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Making the move from WTM to Charlotte Mason... anyone else?


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My kids are still very young. But I am finding more and more that, while I think the neo-Classical movement is a very good option, I am more suited personally to teaching in a CM style. I find that I am feeling more and more "confined" by curriculums, and so much happier with just... reading. The children naturally narrate, naturally play-act scenes from books, and naturally want to explore their environment. I was enjoying Right Start Math, but am feeling more and more like now that I've been guided down the "how to do it", that I can teach math more-or-less on my own, following just the list of topics.

 

Has anyone else gone over to CM entirely or almost entirely? I know Classical and CM are close cousins, but I think I'm going to jump ship!

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We are more cm than classical. In fact we changed a lot for this semester and are moving more towards cm.

 

Oh and my plan for next year is to be almost entirely cm.

 

 

I'm finding it hard to articulate my desire to move to CM... do you mind sharing what motivated your change?

 

My biggest thing, I suppose, is her idea that children are living persons, and not blank slates, and that knowledge should be presented as a great feast, rather than lists. And finally, "Education is an atmosphere, a discipline, and a life"- those are her ideas that have really resonated with me.

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I started out with WTM which is what turned me on to homeschooling in the first place. When my oldest became school-age I had already moved on to CM and her K & 1st grade years were purely CM, and now I'm moving towards LCC. I love much of CM methods. It is so rich, deep, beautiful, and free.

 

Here is a blog post that is not mine, but sums up what i love about CM that you might enjoy as well. I also love the book, When Children Love to Learn, and the curriculum Ambleside Online.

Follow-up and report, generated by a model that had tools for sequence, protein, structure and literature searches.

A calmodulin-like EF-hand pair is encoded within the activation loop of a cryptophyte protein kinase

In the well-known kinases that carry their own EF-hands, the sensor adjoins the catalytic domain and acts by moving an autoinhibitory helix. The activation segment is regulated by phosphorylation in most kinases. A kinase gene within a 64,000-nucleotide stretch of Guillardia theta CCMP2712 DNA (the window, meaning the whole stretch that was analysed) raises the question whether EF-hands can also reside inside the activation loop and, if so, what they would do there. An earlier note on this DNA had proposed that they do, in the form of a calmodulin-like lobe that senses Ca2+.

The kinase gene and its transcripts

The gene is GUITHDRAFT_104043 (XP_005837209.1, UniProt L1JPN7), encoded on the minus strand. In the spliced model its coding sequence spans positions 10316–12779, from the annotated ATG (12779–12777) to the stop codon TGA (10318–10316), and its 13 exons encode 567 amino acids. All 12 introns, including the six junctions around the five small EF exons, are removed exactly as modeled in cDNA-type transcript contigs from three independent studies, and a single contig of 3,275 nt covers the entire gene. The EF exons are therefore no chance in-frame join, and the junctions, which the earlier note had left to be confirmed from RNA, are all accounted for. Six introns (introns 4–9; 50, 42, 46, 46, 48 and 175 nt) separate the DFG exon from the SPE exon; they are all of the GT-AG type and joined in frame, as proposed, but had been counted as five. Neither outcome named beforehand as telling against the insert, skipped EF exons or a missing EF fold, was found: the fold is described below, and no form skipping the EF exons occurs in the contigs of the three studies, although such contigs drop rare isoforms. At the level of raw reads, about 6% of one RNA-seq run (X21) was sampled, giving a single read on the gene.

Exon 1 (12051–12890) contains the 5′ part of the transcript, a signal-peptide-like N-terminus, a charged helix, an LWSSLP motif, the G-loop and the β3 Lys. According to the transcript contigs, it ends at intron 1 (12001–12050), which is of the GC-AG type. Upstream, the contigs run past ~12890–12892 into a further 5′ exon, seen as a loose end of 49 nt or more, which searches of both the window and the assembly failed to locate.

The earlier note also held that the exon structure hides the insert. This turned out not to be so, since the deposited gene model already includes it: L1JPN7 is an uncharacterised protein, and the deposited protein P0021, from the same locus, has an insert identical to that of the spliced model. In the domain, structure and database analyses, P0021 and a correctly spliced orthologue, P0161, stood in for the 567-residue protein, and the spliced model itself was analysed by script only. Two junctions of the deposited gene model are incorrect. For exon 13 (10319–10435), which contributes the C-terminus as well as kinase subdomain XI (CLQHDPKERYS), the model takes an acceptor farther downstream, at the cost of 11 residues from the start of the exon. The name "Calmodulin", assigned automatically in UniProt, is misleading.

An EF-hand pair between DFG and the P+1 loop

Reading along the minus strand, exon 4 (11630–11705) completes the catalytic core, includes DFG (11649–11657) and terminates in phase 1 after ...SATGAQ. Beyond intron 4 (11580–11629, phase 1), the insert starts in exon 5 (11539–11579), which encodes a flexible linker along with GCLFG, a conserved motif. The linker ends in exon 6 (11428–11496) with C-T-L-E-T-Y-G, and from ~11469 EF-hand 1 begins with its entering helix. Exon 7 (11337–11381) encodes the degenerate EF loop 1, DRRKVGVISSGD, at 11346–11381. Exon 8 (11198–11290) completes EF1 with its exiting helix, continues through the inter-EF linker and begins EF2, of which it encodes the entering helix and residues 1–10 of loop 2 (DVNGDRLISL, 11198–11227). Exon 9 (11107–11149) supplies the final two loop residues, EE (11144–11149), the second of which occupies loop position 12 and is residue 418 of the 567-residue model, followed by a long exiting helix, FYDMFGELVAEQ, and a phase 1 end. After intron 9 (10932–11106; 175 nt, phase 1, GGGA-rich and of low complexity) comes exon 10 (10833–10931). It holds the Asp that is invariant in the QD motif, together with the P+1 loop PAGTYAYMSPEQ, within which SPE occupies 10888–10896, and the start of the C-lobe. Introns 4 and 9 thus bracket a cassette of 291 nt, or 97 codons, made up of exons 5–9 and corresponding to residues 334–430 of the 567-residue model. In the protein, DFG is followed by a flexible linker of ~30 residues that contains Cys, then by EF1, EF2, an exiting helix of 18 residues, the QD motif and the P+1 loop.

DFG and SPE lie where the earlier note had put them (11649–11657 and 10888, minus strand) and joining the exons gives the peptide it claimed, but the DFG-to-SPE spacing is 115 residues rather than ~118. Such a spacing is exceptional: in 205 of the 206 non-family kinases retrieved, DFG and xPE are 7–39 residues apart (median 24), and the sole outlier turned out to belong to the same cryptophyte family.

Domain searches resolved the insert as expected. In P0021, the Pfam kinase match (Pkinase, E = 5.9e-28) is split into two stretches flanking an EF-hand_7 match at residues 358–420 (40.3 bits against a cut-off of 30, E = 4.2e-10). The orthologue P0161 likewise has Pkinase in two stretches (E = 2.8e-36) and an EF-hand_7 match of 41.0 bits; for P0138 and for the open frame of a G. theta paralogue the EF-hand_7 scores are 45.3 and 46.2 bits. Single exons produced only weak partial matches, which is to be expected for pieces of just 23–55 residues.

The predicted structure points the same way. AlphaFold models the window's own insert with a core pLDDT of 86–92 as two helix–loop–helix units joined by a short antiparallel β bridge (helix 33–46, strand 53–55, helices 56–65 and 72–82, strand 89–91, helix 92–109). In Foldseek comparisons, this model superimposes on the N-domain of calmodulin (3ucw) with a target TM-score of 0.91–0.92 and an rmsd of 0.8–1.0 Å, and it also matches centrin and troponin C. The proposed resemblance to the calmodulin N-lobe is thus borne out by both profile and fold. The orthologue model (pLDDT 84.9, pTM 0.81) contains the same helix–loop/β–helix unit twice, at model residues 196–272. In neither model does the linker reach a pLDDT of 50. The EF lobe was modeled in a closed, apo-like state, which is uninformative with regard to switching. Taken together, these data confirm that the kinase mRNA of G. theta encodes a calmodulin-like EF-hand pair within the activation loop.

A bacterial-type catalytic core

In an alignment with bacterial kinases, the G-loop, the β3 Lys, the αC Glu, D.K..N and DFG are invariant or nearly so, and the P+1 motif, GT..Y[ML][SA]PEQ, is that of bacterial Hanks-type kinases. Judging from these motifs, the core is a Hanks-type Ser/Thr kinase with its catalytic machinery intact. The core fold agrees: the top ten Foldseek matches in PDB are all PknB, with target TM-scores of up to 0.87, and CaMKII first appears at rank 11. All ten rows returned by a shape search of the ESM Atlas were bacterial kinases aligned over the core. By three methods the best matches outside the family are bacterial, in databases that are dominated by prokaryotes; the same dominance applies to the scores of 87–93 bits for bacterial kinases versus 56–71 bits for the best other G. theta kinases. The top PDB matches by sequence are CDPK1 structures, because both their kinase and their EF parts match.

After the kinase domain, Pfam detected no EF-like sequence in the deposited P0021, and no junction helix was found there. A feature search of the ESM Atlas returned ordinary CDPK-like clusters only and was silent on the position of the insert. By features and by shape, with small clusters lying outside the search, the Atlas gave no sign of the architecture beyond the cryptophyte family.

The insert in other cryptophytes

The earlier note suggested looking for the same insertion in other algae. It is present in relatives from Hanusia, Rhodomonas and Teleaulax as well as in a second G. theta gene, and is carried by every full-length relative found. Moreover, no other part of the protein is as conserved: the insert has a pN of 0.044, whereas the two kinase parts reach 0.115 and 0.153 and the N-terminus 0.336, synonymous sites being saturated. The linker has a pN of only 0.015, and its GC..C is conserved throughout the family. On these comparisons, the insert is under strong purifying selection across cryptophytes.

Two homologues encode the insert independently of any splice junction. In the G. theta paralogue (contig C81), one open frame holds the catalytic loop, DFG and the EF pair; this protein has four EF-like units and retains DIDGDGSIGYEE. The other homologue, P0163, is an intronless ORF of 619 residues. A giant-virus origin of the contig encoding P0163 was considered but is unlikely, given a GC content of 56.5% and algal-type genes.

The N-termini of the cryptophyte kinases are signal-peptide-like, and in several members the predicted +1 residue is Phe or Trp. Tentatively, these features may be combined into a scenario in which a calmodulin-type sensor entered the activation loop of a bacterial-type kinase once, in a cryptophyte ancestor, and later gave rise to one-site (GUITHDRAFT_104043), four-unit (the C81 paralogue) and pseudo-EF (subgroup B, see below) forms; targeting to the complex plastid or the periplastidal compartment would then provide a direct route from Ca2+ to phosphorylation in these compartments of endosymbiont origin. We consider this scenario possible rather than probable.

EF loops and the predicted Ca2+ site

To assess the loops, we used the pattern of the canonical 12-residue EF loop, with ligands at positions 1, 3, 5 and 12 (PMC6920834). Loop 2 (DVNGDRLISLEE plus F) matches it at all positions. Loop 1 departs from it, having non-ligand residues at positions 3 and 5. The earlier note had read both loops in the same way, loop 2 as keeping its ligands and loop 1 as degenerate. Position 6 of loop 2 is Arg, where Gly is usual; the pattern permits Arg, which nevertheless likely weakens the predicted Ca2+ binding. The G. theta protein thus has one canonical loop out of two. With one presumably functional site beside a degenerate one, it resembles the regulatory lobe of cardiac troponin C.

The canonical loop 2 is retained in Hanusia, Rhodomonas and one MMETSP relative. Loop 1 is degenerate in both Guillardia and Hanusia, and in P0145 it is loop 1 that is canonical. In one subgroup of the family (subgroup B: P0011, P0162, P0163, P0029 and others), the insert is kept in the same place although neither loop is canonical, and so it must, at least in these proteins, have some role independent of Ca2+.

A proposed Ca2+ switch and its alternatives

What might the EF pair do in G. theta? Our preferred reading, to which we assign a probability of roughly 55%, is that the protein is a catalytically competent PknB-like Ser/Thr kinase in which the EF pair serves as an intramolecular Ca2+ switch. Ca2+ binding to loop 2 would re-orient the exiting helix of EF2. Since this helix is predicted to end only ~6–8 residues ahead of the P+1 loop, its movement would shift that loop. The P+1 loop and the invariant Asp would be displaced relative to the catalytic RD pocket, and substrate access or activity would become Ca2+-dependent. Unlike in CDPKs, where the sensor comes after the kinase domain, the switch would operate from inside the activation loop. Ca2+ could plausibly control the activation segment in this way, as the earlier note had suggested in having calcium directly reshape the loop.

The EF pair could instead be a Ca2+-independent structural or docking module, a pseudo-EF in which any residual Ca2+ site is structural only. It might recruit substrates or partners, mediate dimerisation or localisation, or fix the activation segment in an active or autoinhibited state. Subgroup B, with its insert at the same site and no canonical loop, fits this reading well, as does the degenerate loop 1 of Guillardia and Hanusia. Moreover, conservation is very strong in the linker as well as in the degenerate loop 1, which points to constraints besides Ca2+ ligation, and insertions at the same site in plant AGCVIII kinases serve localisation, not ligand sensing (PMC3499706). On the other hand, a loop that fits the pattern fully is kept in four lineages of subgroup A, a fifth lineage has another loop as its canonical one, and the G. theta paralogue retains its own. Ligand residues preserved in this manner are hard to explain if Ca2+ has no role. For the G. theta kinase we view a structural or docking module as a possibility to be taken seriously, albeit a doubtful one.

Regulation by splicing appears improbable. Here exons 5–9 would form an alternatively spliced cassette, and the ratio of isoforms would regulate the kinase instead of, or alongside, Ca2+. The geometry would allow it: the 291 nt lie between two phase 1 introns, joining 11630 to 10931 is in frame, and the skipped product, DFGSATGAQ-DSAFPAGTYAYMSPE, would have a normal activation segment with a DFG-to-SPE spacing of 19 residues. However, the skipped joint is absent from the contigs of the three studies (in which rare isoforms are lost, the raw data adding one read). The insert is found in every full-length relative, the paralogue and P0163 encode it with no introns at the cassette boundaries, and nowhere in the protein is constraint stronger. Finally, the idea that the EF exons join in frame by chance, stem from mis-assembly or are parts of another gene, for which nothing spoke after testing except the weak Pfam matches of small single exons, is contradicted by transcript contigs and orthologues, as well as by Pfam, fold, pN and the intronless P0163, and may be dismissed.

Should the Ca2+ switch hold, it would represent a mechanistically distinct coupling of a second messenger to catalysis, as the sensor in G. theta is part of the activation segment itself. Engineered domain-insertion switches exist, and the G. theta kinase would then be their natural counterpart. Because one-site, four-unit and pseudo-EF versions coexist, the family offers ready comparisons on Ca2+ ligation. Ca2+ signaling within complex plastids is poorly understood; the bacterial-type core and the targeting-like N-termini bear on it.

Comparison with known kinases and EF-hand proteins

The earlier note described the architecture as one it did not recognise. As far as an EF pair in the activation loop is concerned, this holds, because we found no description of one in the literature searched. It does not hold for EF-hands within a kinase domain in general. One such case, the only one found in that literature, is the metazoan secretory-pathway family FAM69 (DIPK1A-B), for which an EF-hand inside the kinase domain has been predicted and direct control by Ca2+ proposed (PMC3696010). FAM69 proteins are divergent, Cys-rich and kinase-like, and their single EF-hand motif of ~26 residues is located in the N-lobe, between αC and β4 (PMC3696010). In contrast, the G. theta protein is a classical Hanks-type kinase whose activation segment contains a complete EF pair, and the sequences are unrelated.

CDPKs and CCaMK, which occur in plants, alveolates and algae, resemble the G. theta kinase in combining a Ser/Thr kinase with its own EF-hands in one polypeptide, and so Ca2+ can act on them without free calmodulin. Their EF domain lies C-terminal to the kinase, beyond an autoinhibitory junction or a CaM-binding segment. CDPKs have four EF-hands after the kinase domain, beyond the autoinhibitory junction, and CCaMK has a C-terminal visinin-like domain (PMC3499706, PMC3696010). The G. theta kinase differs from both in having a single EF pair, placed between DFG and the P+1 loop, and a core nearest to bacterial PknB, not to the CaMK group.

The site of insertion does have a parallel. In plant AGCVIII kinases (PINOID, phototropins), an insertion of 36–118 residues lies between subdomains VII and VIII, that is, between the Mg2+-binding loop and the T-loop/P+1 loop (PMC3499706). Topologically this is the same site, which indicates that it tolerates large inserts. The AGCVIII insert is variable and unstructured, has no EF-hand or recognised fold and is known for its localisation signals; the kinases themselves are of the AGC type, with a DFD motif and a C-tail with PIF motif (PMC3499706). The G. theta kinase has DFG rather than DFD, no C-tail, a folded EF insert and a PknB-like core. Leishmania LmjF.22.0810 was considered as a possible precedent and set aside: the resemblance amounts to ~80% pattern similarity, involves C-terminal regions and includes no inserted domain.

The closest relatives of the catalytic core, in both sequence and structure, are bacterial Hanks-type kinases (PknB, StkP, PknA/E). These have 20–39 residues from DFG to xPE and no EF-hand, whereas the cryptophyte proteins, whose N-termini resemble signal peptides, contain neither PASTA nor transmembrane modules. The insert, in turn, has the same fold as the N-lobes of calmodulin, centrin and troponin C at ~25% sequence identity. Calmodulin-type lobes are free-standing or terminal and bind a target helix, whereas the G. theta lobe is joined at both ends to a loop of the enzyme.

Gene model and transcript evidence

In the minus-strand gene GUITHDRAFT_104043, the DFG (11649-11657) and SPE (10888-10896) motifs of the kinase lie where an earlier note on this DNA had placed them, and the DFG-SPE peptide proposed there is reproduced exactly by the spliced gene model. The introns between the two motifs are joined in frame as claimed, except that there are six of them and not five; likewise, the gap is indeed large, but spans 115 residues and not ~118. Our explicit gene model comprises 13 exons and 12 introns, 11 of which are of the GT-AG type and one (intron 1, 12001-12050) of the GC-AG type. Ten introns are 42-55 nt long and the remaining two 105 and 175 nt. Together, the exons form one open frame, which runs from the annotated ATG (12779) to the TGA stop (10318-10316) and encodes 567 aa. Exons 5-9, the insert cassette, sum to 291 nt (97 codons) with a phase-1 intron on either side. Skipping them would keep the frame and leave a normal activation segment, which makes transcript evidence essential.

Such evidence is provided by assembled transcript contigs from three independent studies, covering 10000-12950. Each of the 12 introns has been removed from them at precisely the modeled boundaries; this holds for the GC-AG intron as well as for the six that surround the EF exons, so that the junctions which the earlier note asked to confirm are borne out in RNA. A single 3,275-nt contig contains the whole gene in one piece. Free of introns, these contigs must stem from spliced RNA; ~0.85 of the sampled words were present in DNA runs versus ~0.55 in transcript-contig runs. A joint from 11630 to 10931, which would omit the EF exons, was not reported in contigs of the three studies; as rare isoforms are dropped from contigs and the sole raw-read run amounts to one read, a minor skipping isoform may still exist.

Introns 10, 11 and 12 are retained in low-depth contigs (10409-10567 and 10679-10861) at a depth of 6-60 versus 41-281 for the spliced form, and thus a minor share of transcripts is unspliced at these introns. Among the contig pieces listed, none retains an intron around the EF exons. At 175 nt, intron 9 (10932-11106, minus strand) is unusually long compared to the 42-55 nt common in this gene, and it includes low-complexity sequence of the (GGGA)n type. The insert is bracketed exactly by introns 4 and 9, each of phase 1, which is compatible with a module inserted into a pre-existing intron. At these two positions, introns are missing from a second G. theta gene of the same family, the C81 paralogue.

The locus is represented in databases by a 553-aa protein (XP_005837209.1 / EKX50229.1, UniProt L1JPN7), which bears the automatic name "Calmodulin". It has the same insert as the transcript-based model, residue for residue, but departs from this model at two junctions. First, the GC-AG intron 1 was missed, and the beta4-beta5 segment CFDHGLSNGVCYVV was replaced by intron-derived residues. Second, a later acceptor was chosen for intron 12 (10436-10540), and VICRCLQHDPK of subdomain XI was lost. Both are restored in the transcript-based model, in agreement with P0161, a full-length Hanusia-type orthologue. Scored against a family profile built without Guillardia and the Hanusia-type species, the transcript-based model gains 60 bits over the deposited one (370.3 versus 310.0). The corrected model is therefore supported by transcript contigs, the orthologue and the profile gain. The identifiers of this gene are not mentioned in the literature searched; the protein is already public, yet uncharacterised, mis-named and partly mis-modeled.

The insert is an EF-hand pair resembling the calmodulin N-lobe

I embraced her methods on literature, science, history, art/composer study, and plenty of free time to just be. I like LCC ideas of making latin a priority, studying Greece and Rome in depth, and getting a good exposure to classical literature.

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I wrote a blog post on Why a Charlotte Mason Approach Works Well for Us in 2010, and it holds true. I veered away from it for a while, but we are much happier when we use her approach to learning.

 

Have you read much about her methods? Books I would very much recommend are:

 

A Charlotte Mason Education

More Charlotte Mason Education

A Pocketful of Pinecones

Lessons at Blackberry Inn

 

The first two are how-to books that are extremely helpful. The second two are written from the viewpoint of a CM mom, and are a pleasure to read.

 

I also use the website Charlotte Mason Help a lot! I visit Ambleside Online frequently too, for book ideas, and because I'm using their history cycle with my ds11, and eventually with dd9.

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I'm trying to find that sweet spot between both. The pendulum will swing to the CM side and we love it but then my kids miss the memorization and worksheets and tests. Then the pendulum will swing the other direction to more fully classical and we miss the naturalness of CM. I adore AmblesideOnline and Charlotte Mason Help and Simply Charlotte Mason but I also adore Memoria Press (which couldn't be further from CM). You'd think after 10+ years of homeschooling that I'd have this figured out more.